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3 Things the Miami Dolphins' Defense Must Do vs Denver Broncos

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Three things the Miami Dolphins' defense must do to the Peyton Manning-led Broncos in order to give the team a shot at victory this Sunday.

Defensive tackle Jared Odrick penetrating an offensive line. Look for Odrick to do this same thing aganst the Broncos Sunday.
Defensive tackle Jared Odrick penetrating an offensive line. Look for Odrick to do this same thing aganst the Broncos Sunday.
Jonathan Daniel/Getty Images

This Sunday, the Miami Dolphins' defense will line up against the daunting Denver Broncos' offense led by future Hall-of-Famer Peyton Manning. This is one of the biggest challenges and tests that the Dolphins defense will face all year. Will Miami's defense hold strong and prove itself to be championship-worthy?

It had seemed, at least at one point during the week, that the Dolphins would catch a break when facing these Broncos.

It seemed that tight end Julius Thomas, who has accounted for 12 touchdowns this season, and receiver Emmanuel Sanders, who was officially laid to rest via Wikipedia after receiving a gruesome hit last week against the St. Louis Rams, would miss Sunday's game. Unfortunately, it now seems like both will suit up for the game. This makes Miami's defense's job a much more difficult as two very dynamic players will now be available to Manning.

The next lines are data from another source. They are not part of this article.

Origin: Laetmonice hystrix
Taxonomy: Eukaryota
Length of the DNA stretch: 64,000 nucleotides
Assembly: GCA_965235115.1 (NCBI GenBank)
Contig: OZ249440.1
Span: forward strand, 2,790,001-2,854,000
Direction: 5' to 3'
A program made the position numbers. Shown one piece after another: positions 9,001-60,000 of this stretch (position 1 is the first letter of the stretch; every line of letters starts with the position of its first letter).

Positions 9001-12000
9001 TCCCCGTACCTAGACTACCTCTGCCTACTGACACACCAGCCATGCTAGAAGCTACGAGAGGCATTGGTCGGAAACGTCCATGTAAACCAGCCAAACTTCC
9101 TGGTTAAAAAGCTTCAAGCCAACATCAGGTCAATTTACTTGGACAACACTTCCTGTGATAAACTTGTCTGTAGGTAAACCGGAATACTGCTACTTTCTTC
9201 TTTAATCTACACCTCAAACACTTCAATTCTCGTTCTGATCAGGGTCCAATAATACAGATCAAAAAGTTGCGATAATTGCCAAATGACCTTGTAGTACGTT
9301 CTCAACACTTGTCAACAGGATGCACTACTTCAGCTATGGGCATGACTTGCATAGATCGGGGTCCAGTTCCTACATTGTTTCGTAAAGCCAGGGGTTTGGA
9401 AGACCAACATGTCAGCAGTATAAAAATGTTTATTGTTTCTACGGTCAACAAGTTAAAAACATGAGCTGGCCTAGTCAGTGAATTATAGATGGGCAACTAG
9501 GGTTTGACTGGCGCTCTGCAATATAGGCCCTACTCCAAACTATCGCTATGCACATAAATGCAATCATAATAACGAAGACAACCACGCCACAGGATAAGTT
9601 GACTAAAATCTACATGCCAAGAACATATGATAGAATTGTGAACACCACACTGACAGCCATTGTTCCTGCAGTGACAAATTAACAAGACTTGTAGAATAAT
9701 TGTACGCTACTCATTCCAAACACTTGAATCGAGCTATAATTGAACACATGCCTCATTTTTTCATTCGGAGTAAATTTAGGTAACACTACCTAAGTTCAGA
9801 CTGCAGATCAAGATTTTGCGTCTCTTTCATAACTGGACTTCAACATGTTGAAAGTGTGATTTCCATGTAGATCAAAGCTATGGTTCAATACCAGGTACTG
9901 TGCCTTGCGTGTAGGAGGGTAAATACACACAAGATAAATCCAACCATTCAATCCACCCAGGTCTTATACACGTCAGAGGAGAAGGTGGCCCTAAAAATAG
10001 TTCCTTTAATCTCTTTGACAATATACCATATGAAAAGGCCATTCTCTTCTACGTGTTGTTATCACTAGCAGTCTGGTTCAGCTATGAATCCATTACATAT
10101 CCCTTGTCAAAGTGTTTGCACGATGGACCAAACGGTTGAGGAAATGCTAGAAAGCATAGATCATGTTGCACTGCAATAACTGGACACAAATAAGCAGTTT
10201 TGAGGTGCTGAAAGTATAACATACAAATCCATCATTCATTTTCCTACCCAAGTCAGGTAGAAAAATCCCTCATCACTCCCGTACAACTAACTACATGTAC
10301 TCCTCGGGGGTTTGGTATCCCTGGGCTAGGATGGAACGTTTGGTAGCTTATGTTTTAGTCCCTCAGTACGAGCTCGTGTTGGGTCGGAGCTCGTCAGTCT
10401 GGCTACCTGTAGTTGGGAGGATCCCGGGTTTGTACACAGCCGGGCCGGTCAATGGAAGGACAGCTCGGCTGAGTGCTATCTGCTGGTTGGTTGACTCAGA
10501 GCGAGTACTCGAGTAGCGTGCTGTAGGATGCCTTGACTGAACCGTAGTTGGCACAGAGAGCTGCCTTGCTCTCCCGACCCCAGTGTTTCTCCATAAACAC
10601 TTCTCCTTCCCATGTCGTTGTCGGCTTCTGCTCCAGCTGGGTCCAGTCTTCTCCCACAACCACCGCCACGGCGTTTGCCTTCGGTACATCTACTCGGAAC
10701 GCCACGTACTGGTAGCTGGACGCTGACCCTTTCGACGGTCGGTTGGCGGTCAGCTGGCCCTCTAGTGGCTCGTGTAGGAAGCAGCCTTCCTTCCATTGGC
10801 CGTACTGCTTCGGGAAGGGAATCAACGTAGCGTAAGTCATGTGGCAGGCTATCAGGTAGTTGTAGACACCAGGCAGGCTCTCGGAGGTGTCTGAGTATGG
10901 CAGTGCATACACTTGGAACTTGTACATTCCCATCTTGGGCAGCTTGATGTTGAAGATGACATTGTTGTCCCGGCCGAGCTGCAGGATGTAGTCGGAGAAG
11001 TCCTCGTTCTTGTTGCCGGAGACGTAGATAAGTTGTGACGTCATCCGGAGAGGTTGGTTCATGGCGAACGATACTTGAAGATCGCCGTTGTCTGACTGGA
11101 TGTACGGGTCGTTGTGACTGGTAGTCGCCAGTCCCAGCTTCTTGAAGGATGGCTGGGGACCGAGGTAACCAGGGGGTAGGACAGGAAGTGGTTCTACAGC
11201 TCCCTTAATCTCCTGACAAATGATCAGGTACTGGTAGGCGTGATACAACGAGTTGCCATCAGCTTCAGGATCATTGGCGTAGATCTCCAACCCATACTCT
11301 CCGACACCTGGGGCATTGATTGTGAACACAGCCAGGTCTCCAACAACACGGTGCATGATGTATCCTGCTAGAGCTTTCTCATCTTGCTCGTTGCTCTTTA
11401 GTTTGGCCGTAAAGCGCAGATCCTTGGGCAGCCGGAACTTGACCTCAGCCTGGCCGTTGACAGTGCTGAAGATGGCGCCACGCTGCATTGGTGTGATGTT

Nonetheless, Miami must find a way to shut down (or slow down) the Broncos defense. These three key things have to happen on defense for the Dolphins to find success against a high-powered offense.

1. DOLPHINS MUST CONTROL THE LINE OF SCRIMMAGE

Miami's front seven needs to control the line of scrimmage against a struggling Broncos' offensive line. This will ensure that the Dolphins will make the Broncos one-dimensional, which has been the Dolphins key to success. The Dolphins are 4-0 in games where the defense allows less than 60 yards rushing.

Stopping the run should not be a difficult task considering the Broncos are without their top two running backs and have a questionable offensive line.

Shutting down the run will also allow the Dolphins to put pressure in Manning's face. Manning, like most quarterbacks, is most vulnerable to mistakes when the pressure is bearing down his neck.

The Dolphins will need big games from all of their defensive linemen because the Dolphins need to get pressure without blitzing. If Miami blitzes, they leave themselves susceptible to being beat by a quick throw because Manning always knows where the hole in a defense is.

The Dolphins need to manifest interior pressure for much of the game, as this is what makes Manning most uncomfortable, so look for defensive tackle Jared Odrick to have a big impact. If the Dolphins do blitz, look for Koa Misi to be coming up the A-gap. Misi is a terror when blitzing and is exactly what the Dolphins need to be barreling full-speed ahead at Manning. That, my friends, would make anyone uncomfortable.

2. SECONDARY NEEDS TO BRING THE BOOM